Basal Cell Carcinoma (BCC) is the most common form of skin cancer. It manifests as an uncontrolled growth or lesion that arise in the skin’s basal cells, which line the deepest layer of the epidermis. About 1/3 of all new cancers are skin cancers, and the vast majority of those are BCCs.
What Does Basal Cell Skin Cancer Look Like?
Basel Cell Carcinoma is an open sore that will not heal. BCCs often look like red or pink growths, shiny translucent bumps, or scars. Though it can look like a flesh-colored mole, it can sometimes look dark.
On white skin, the basal cell bump can appear pearly white or pink. Tiny blood vessels might also be visible. On dark colored skin, the bump often looks the same color as the surrounding skin, but glossy. Sometimes the bump may bleed and scab over, and over time, grow into a large patch.
What Causes Basal Cell Carcinoma?
BCCs are usually caused by an accumulation of ultraviolet (UV) radiation exposure. Almost all BCCs occur on parts of the body that receive the most sunlight, such as the face, scalp, ears, neck, shoulders, and back. Basal cell cancer on the scalp and nose are especially troublesome, with recurrences typically taking place within the first two years following surgery. Should a cancer recur, your physician might recommend a different type of treatment.
Only on rare occasions do they form on unexposed areas. Basal cell carcinoma occurs when one of the skin’s basal cells develops a mutation in its DNA. They can be highly disfiguring if allowed to grow, but they almost never metastasize (spread to other parts of the body) beyond its original location.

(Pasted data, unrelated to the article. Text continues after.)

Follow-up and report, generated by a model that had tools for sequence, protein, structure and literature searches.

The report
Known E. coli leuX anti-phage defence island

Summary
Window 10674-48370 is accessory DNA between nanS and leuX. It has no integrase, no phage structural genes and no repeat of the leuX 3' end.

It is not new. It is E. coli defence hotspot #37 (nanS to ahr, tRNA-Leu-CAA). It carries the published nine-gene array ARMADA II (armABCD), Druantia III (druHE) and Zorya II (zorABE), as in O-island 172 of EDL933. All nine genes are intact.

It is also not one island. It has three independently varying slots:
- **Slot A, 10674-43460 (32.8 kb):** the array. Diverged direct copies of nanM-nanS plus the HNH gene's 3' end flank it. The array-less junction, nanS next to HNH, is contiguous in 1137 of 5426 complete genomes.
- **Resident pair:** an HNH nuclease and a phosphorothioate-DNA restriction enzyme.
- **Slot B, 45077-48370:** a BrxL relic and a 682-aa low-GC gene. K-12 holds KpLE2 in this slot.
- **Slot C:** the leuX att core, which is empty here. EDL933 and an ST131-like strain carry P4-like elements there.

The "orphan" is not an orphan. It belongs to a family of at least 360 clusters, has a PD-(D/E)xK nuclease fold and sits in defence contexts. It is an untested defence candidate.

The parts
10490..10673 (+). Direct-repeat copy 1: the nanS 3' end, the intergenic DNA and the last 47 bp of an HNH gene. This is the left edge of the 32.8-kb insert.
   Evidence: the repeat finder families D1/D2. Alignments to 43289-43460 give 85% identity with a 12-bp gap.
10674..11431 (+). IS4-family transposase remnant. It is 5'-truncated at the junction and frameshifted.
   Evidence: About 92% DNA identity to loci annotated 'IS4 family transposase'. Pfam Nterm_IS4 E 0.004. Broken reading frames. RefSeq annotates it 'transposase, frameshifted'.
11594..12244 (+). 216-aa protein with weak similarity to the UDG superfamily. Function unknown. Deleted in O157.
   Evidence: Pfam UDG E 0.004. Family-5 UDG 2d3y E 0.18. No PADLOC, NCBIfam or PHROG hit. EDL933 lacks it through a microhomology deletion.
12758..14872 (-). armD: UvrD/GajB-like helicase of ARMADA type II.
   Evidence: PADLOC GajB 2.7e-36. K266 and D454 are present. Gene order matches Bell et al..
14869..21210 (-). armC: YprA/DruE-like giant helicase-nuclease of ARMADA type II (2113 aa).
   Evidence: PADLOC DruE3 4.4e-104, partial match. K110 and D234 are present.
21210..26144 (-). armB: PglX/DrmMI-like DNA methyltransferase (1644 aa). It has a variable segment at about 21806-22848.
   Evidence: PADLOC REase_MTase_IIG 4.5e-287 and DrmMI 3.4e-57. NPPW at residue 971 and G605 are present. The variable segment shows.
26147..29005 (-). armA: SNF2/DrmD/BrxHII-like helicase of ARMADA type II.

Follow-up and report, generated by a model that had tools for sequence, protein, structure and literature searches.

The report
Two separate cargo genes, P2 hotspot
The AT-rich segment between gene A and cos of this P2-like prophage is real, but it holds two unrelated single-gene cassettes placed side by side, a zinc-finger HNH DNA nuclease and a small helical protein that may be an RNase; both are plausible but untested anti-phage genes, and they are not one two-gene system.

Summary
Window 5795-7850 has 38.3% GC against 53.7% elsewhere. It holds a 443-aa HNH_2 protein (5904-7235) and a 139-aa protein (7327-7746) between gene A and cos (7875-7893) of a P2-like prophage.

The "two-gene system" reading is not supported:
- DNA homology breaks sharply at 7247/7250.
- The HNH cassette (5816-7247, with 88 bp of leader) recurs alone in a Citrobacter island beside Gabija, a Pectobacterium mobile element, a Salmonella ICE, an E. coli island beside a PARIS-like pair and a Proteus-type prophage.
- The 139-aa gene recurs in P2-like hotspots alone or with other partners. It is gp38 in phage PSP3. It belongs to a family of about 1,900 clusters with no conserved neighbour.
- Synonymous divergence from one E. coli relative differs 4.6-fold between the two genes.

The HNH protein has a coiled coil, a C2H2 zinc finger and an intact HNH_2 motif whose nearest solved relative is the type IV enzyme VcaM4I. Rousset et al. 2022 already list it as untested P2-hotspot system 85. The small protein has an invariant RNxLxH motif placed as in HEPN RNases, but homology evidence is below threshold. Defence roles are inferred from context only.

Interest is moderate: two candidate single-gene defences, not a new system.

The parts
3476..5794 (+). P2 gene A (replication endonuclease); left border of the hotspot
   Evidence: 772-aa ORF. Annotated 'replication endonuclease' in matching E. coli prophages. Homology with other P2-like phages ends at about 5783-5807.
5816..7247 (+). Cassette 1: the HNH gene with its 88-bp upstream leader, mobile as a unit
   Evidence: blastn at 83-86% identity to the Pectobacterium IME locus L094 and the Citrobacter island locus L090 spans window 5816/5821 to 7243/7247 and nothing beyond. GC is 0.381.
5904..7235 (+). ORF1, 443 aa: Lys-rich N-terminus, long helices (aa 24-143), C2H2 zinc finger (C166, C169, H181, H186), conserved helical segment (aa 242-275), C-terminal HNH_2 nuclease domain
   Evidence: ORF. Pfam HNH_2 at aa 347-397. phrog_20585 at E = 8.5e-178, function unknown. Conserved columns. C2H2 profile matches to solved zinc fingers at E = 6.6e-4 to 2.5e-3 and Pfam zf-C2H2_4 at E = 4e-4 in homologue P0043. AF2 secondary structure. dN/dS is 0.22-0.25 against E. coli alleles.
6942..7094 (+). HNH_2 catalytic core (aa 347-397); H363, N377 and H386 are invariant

Though it is rare for basal cell carcinoma to metastasize, it is very likely to continue to grow.
Risk Factors for Basal Cell Carcinoma
Anyone with a history of sun exposure can develop basal cell carcinoma. It may take many years to reach accumulated exposure, which is why the disease is rarely seen in children. However, some teenagers are affected. In adults, men outnumber women in confirmed cases, but more younger women are getting BCCs today than in the past.
People who are at highest risk have fair skin, blond or red hair, can freckle easily, and have blue, green, or grey eyes. Prolonged sun exposure or using tanning beds increases the risk of basal cell carcinoma. The threat is greater if you live in a sunny climate (Southern California) or high-altitude city (Denver, Colorado), both of which expose you to more UV radiation than in other locations. Having severe sunburns also increases your risk.
Sun exposure and the use of tanning beds do not explain all the cancers that develop on the skin. For example, radiation therapy can induce similar DNA mutations as natural sunlight. Therefore, radiation treatments are designed to reduce risk by either limiting the dose of radiation or giving fewer doses. Age is also a factor. Because basal cell carcinoma often takes decades to develop, most basal cell carcinomas occur in older adults. If you had basal cell carcinoma one or more times in the past, you have a good chance of developing it again.
A family history of skin cancer presents increased risk as well as certain immune-suppressing drugs. Medications used after transplant surgery, for example, can increase risk because they suppress the immune system. Exposure to toxins, such as arsenic, can also induce similar risk. In addition, certain rare genetic diseases can also increase the risk of basal cell carcinoma, including nevoid basal cell carcinoma syndrome (Gorlin-Goltz syndrome) and xeroderma pigmentosum.
Basal Cell Carcinoma Diagnosis & Treatment
When seeking care for basal cell carcinoma, the whole body is examined for lesions not just the affected area. A skin biopsy may be performed for suspicious moles to determine if cancer is present and which cancer it is. The type of skin biopsy performed will depend on the type and size of lesion.
A diagnosis of basal cell carcinoma can only be confirmed with a biopsy. This process involves taking a small piece of the affected tissue and examining it in our laboratory. Additional tests may be needed. If cancer cells are present, treatment is required. Fortunately, there are several effective methods available.